Q: Did your wife Marilyn know of this rumor?
Q: How did it affect her?
A: She made it known to me and I reassured her and agreed that we should minimize our social contacts with the Lossman's and that was all there was to it. She had no particular objections as long as we kept it on a very infrequent basis.
Q: Since this agreement with Marilyn about the contacts with the Lossman's, did your wife Marilyn show any coldness toward you?
Q: Your home life was like an average normal couple's, had no bickerings or any petty quarrels?
A: No, because she respected my decisions on all matters.
Q: Directing your attention to the night of July 3d, 1954, at which time your wife was murdered, are you directly or indirectly involved in this crime?
A: Absolutely not.
Q: Do you know of any reason why someone else would take her life?
Q: Will you state the possibility?
A. Well, I don't know but I have heard of individuals who are maniac enough that when they start something, an act like that, it becomes a compulsion, a means of satisfaction like the ordinary man has from an orgasm or something of that nature. She has spurned lovers, potential lovers.
Q. How many of those potential lovers did she have?
A: Three that I know of and I am pretty sure, more. I am certain that there wore more.
Q: Have you told the police about these three and revealed their identity?
Q: The night of July 3rd, 1954, when you reached the top of the stairs, after you heard Marilyn's outcries, you say you saw someone standing beside the bed occupied by your wife, were they standing or stooping over the bed?
A: I don't recall seeing anything from the head of the stairs, it happened so rapidly, it must have been when I entered the room and I don't know whether they were standing or stopping.
Q: Immediately upon entering this room, did you have an opportunity to make some examination of your wife?
A: Because as I told you, I seemed to be immediately engaged in grappling, with someone.
Q: Do you know what portion of the body of this person you were grappling with that you had hold of?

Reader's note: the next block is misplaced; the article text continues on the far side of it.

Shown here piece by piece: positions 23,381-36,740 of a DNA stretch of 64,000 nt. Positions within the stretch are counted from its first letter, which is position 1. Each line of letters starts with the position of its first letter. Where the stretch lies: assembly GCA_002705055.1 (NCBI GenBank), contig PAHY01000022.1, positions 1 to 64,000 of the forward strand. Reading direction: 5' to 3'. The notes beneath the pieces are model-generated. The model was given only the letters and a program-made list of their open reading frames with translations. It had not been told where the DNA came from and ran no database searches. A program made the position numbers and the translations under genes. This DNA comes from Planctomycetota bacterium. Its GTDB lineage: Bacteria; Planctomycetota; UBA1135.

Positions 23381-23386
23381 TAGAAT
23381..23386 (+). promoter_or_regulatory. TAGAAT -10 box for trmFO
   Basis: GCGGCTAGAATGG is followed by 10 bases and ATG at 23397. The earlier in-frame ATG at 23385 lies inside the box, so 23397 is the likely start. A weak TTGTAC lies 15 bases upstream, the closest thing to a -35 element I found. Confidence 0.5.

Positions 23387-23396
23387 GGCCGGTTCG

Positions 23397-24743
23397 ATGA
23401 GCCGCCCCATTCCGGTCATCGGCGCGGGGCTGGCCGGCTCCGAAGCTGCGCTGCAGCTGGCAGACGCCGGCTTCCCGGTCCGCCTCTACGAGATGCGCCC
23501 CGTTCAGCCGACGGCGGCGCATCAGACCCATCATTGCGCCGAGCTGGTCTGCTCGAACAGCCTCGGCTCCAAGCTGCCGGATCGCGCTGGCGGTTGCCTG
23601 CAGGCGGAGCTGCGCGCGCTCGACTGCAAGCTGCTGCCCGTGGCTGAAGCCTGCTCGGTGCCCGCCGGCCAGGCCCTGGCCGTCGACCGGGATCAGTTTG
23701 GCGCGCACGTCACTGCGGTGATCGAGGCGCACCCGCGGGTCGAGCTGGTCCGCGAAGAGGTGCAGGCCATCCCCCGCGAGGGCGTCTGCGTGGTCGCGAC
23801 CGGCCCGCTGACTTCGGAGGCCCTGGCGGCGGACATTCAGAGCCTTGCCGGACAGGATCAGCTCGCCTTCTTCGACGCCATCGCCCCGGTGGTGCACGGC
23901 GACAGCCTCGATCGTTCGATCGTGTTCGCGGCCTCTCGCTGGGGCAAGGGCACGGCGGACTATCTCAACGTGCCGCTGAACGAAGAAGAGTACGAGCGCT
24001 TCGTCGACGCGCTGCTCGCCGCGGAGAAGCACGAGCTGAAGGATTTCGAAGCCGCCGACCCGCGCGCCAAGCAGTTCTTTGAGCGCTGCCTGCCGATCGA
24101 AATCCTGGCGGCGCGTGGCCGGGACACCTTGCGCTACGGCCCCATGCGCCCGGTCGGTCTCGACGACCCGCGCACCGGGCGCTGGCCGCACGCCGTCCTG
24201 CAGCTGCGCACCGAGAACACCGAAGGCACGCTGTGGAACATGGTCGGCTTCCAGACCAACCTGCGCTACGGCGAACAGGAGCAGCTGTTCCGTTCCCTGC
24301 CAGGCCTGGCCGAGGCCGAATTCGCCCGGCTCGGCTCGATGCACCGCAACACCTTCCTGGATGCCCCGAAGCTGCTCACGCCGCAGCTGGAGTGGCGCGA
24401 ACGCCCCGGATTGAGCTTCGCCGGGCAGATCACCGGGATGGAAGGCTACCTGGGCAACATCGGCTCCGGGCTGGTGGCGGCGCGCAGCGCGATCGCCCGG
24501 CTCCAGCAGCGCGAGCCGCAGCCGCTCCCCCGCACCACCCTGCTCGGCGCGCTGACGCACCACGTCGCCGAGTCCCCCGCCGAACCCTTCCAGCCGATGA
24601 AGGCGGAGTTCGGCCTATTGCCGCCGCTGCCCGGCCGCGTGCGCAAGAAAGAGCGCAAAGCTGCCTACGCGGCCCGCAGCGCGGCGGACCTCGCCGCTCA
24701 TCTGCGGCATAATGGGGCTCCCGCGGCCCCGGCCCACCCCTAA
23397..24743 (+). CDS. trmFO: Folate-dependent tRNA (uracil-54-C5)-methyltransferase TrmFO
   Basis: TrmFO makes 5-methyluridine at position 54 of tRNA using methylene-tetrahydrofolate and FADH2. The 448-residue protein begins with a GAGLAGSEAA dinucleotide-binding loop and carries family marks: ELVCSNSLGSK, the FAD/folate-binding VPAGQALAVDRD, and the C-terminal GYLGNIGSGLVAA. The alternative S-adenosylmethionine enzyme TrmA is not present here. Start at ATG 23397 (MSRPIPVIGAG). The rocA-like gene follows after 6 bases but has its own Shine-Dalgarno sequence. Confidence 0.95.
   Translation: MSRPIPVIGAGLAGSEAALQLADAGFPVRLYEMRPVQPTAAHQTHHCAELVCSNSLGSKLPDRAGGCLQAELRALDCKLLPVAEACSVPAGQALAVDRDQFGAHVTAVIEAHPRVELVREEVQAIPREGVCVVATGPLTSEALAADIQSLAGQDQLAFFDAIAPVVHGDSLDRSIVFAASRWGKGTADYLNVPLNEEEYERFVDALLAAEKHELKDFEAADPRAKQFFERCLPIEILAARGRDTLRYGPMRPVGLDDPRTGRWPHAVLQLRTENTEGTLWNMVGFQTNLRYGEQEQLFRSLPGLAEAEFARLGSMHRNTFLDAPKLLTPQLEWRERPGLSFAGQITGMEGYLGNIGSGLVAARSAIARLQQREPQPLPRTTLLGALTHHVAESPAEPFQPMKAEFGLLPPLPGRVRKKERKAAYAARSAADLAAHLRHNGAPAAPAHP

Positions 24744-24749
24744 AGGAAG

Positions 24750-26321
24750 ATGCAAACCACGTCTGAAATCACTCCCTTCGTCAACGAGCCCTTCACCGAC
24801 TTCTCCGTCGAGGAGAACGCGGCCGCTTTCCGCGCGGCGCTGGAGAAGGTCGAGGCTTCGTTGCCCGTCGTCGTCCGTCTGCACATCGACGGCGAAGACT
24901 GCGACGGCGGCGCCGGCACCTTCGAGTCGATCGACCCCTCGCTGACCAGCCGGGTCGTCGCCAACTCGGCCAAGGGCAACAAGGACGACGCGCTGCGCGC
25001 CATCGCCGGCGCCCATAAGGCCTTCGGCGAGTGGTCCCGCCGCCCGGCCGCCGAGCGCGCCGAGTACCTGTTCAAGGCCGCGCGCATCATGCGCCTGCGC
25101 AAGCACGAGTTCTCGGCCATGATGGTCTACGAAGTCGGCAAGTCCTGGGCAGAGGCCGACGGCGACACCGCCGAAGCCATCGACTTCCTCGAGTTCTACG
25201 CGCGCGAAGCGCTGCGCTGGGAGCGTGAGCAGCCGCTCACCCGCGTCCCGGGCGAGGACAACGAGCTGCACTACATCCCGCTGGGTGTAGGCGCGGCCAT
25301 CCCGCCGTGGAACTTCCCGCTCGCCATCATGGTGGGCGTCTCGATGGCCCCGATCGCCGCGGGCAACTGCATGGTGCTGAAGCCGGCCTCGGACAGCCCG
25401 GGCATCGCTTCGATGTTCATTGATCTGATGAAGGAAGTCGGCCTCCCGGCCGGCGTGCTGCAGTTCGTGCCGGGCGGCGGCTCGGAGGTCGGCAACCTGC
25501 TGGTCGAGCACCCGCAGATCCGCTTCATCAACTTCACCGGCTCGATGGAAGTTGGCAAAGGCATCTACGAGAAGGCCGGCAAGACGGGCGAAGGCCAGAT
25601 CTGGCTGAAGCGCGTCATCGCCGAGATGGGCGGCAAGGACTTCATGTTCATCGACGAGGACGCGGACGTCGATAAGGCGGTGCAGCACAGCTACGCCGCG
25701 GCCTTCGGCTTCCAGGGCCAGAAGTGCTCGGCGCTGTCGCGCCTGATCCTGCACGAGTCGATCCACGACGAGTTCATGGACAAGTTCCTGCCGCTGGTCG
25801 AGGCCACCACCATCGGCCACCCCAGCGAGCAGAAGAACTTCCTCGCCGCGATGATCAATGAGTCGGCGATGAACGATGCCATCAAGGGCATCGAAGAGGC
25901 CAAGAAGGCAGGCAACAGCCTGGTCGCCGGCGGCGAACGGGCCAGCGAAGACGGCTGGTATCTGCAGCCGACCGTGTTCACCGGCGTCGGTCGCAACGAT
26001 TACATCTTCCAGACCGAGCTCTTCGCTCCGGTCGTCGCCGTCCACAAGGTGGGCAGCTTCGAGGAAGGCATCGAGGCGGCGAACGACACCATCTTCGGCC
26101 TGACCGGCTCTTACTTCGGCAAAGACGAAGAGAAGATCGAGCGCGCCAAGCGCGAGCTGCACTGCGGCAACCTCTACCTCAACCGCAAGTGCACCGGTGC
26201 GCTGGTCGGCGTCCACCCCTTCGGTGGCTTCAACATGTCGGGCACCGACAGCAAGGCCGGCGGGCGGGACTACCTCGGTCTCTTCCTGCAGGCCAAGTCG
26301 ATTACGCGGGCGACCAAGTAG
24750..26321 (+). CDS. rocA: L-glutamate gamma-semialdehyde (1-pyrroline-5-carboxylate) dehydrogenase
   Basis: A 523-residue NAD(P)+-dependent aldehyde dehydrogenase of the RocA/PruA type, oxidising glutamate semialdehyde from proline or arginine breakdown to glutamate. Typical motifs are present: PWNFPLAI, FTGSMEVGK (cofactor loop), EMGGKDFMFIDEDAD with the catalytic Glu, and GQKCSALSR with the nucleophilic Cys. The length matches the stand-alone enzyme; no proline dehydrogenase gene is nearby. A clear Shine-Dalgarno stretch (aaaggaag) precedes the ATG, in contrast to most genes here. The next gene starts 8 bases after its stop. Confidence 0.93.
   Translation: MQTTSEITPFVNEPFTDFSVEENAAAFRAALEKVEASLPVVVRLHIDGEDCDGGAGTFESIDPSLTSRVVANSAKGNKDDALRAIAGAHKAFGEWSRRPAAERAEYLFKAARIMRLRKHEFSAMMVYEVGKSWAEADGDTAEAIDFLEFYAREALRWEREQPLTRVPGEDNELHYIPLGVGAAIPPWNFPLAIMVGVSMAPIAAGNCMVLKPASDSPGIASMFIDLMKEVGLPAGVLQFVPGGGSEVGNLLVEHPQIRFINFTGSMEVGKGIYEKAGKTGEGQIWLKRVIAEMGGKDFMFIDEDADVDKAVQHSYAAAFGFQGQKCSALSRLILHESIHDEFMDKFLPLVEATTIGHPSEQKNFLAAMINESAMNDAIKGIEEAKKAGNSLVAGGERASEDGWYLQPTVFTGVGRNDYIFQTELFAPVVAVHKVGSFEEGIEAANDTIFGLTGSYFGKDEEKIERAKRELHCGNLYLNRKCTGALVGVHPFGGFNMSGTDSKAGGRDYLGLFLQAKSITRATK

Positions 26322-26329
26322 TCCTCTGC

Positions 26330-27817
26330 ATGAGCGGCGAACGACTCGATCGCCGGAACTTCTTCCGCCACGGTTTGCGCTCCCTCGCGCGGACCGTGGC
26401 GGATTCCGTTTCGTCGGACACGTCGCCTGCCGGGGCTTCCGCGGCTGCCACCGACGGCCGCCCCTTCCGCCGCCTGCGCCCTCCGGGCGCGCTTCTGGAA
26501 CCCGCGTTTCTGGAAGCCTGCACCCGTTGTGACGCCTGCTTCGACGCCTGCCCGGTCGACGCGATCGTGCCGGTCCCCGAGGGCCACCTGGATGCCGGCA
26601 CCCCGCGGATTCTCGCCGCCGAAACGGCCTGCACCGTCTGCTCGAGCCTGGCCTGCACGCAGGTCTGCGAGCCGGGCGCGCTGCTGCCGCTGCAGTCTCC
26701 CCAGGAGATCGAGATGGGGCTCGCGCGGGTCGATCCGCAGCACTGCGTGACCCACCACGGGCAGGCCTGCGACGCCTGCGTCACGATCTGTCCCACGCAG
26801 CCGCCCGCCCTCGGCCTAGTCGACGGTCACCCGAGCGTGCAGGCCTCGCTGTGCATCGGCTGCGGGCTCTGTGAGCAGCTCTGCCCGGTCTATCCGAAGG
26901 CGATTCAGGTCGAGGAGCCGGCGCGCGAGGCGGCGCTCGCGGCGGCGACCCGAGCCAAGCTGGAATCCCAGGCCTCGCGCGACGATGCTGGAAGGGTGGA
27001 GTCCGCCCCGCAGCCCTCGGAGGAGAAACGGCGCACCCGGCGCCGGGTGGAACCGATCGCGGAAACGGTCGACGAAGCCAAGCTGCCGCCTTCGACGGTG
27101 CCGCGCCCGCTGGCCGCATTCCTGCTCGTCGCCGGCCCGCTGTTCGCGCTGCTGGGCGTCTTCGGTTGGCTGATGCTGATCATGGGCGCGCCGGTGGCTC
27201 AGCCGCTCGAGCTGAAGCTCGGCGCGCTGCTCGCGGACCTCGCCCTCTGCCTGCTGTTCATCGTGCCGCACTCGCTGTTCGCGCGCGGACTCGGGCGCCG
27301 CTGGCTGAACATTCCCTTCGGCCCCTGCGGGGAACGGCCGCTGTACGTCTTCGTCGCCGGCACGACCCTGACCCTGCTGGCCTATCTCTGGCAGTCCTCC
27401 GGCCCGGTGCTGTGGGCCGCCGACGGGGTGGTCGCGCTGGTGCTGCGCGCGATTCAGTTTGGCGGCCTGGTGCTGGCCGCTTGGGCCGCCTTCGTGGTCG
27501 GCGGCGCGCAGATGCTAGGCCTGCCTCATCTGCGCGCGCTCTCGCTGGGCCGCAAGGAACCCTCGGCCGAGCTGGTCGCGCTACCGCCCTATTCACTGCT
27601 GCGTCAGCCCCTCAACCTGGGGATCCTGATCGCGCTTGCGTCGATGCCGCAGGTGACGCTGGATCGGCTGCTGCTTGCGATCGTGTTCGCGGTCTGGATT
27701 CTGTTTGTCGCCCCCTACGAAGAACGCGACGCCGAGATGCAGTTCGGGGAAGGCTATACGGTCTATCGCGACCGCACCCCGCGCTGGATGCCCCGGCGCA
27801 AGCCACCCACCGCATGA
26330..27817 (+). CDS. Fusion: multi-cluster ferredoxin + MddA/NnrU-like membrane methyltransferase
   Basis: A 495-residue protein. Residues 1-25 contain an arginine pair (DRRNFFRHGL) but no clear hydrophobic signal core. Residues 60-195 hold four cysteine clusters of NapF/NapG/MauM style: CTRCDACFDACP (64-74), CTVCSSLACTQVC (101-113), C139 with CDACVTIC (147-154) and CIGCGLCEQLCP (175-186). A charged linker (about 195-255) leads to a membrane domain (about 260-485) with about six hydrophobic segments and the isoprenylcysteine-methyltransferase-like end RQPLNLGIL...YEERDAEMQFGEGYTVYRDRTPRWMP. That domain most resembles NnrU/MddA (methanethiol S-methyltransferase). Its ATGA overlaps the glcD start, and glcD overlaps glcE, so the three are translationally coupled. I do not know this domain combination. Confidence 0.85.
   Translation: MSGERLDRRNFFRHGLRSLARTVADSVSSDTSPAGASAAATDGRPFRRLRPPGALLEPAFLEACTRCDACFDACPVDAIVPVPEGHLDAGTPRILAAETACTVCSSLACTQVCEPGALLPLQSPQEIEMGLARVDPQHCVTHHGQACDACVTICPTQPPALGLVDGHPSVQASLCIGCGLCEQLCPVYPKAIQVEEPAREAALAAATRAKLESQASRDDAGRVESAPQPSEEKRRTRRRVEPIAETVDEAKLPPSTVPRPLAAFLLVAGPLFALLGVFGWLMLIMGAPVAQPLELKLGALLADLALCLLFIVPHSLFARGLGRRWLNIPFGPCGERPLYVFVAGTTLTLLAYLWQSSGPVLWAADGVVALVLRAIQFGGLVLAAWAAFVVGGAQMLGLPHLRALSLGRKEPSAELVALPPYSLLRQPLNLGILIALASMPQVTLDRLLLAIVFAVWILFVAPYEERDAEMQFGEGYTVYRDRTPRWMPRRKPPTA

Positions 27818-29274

A: I don't recall holding any portion of the body in the bedroom.
Q: You stated that you were assaulted from behind when you entered the room or immediately thereafter?
A: I felt that I was engaged from a direction somewhere within 180 degrees in front of me and you seemingly were struck from behind as I stated above.
By Detective Robert Schottke:
Q: At the time you were assaulted on the beach, what was the condition as to light or darkness?
A: As I related before to Mr. Rossbach, it was just lighter than dark, it was not as dark as darkest night. There was a light seemingly starting, about the best way I can put it, as though daylight was just barely beginning.
Q: At the time when you and this man were tussling or fighting on the beach, about how many feet of beach was there?
A: I don't know.
Q: At the time when you were fighting with this man, could you feel any water in which you were fighting?
A: I can't say for sure but it seemed like the bench was firm, as though it had been washed over and packed somewhat.
Q: At the time when you woke up, will you explain your position on the beach as to this retaining wall, how many feet you were from this retaining wall?
A: I don't know, I can't say, but I think I can say that I was between the easterly and of that retaining wall and the steps, but I cannot say how far I was north-south wise.
Q: At the time when you woke up on the beach, will you tell us as to the condition of the wind and the waves?
A: It seemed that it was somewhat windy and the waves were moderately high. I’ll say too high to water ski and not too high to fish, not real high but moderately high.
Q: Is there anything else that you can tell us about this, Doctor?
A: Not that I can think of now. I wanted to say that I have come here of my own free will to help you in every way that I can to solve this tragedy and I hope that you will give me the opportunity to give you any additional information when and if I shall be able to remember it or find it.
Q: Have you been treated fairly during the course of this questioning?
A: Yes, absolutely.
Q: Have you read the above statement and is it the truth?
A: Yes it is true.
Signed Samuel H. Sheppard
Robert F. Sehottke, Det.
Patrick A. Gareau, Det.
Carl Rossbach, Dpty.
Arthur E. Petersilge
This statement was taken by Gertrude Bauer and concluded at 4:15 o'clock P.M. Saturday, July 10th, 1954.